On disk, we see the following
├── JrTech.Core101.Vs.sln ├── JrTech.Core101.Vs | ├── bin | ├── obj | | └── project.assets.json | ├── JrTech.Core101.Vs.csproj | ├── Program.cs
Unlike version 1.0.0-preview2 of the .NET Core Tooling, we are left with a consistent file structure between the two methods. If you recall in my previous post, there were quite a few differences between creating a project with the command line vs through Visual Studio.
Comparing with the Prior Version
Now lets drill into some differences between the Visual Studio 2015 and Visual Studio 2017 RC 1 by looking at each of the key files.
|File||Visual Studio 2015||Visual Studio 2017 RC|
Looking at the two, there are some pretty significant differences. First and foremost, the xproj and project.json have been removed and their contents are merged into the new (and improved) csproj file. The project.lock.json file has been renamed to project.assets.json and relocated appropriately to the obj folder. Lastly, the global.json and AssemblyInfo.cs files were not created by default.
I’ll admit it. At first, I was a bit salty when the project.json file was removed. This was a drastic improvement over previous .NET Project Files which were very unpleasant to work with. But we have to understand. The project file never went anywhere. We were still stuck with the awkward xproj file.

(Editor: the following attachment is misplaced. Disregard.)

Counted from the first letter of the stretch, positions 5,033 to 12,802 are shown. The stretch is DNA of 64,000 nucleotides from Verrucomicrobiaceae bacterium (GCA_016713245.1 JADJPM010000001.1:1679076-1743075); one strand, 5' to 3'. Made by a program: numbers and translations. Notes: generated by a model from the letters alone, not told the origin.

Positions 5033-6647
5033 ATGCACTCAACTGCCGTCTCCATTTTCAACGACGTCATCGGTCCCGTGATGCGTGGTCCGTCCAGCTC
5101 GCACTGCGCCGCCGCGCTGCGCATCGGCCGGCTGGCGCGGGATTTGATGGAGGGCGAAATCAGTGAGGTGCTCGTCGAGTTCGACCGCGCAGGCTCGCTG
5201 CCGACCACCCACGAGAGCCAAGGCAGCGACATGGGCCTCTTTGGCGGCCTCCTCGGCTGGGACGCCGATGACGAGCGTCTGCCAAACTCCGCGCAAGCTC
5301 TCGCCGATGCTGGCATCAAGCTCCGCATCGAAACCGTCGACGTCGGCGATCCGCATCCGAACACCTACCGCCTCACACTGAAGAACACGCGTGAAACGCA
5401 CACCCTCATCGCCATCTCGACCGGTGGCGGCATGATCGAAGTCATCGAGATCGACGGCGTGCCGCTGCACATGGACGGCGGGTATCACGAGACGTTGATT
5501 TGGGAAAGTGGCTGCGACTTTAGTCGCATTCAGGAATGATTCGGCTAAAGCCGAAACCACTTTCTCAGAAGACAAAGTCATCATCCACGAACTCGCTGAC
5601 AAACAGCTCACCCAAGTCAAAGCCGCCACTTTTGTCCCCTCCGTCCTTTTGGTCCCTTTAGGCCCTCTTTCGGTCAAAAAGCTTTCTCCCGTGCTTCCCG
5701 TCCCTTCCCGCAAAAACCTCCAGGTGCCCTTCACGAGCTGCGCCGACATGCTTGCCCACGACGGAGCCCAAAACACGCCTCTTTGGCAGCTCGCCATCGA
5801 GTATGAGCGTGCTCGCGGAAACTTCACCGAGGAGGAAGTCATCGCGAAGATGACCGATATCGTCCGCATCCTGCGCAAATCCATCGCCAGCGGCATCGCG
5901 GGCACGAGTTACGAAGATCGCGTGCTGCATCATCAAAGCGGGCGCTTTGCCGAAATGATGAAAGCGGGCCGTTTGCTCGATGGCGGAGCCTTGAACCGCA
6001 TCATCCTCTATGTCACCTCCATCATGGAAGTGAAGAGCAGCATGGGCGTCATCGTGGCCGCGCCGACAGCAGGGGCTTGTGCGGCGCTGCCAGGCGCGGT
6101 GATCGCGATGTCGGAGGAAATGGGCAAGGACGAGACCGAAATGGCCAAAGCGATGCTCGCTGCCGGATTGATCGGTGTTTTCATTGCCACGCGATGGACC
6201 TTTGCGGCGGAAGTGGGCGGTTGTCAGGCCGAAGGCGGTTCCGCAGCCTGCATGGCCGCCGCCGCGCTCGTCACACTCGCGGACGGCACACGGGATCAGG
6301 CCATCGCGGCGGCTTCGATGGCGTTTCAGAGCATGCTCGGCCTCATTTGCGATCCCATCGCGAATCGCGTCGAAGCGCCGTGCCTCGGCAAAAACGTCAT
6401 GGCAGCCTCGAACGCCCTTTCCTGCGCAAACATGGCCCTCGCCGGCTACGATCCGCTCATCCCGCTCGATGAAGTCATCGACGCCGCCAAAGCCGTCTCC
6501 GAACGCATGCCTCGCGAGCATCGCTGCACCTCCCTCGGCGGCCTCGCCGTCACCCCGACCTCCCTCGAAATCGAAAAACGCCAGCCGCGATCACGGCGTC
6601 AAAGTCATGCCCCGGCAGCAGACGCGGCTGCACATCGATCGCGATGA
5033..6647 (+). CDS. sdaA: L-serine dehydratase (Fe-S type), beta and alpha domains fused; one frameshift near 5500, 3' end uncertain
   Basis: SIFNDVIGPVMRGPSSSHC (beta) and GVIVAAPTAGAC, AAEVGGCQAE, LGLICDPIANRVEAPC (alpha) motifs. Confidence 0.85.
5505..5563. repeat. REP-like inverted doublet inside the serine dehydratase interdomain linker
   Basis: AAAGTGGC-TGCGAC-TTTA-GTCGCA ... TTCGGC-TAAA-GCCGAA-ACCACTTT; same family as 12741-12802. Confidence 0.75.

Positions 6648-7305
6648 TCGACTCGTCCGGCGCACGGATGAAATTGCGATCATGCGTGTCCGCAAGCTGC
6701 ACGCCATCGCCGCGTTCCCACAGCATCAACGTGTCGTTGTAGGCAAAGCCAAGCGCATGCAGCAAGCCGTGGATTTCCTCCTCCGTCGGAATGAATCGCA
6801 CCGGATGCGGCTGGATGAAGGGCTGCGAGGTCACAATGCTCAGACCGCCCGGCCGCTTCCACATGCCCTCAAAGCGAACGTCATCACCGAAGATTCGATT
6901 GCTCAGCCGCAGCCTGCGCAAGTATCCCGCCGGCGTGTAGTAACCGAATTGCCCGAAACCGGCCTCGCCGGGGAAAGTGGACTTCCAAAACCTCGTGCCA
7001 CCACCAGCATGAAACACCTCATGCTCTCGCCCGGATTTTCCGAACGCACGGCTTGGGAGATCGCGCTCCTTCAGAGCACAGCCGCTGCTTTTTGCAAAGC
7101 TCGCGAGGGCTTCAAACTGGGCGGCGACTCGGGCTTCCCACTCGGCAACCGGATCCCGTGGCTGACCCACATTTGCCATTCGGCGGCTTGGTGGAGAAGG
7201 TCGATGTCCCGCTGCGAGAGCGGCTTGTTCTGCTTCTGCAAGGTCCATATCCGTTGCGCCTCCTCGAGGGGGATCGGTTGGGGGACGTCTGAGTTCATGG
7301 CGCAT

One thing I really like about the new version of the .NET Core Tools is the consistency. No matter if we create a project with the CLI tooling or with Visual Studio, the file structure is the same. This in my opinion is a huge benefit. With the prior version, we had a idealistic project structure from the CLI with awkward shims to get it to work with visual studio.
Another improvement (as mentioned previously) is the new project.assets.json files. The project.lock.json file was not named intuitively and was wrongly located at the root of the project.
While moving (back) to the csproj file was a good move all-in-all, we lost a couple of features. The project.json file had intellisense support. From what I can tell the csproj version does not. Although you can edit the csproj file without closing the project as in previous versions of Visual Studio.
Lastly, the project.json file allowed us to target multiple frameworks simultaneously. With the csproj file, we can only target one.
Visual Studio 2015
Visual Studio 2017
From what I can tell, the .NET Core team is moving things in the right direction. There were some concerns throughout the community with the removal of the project.json file initially however, when looking at things holistically you can see this was a good decision. That said, I’m really hoping intellisense support is added in to the csproj project file. This was a step backwards from the project.json and I’m hoping it is included in their final release.
Stay tuned for the final post in this series which looks at migrating a .NET Core project from Visual Studio 2015 to Visual Studio 2017.
As part of this post, I would also like to point out what might be obvious to some but, not to others. This is Visual Studio 2017 RC. Things could certainly change by the time Visual Studio 2017 is actually shipped.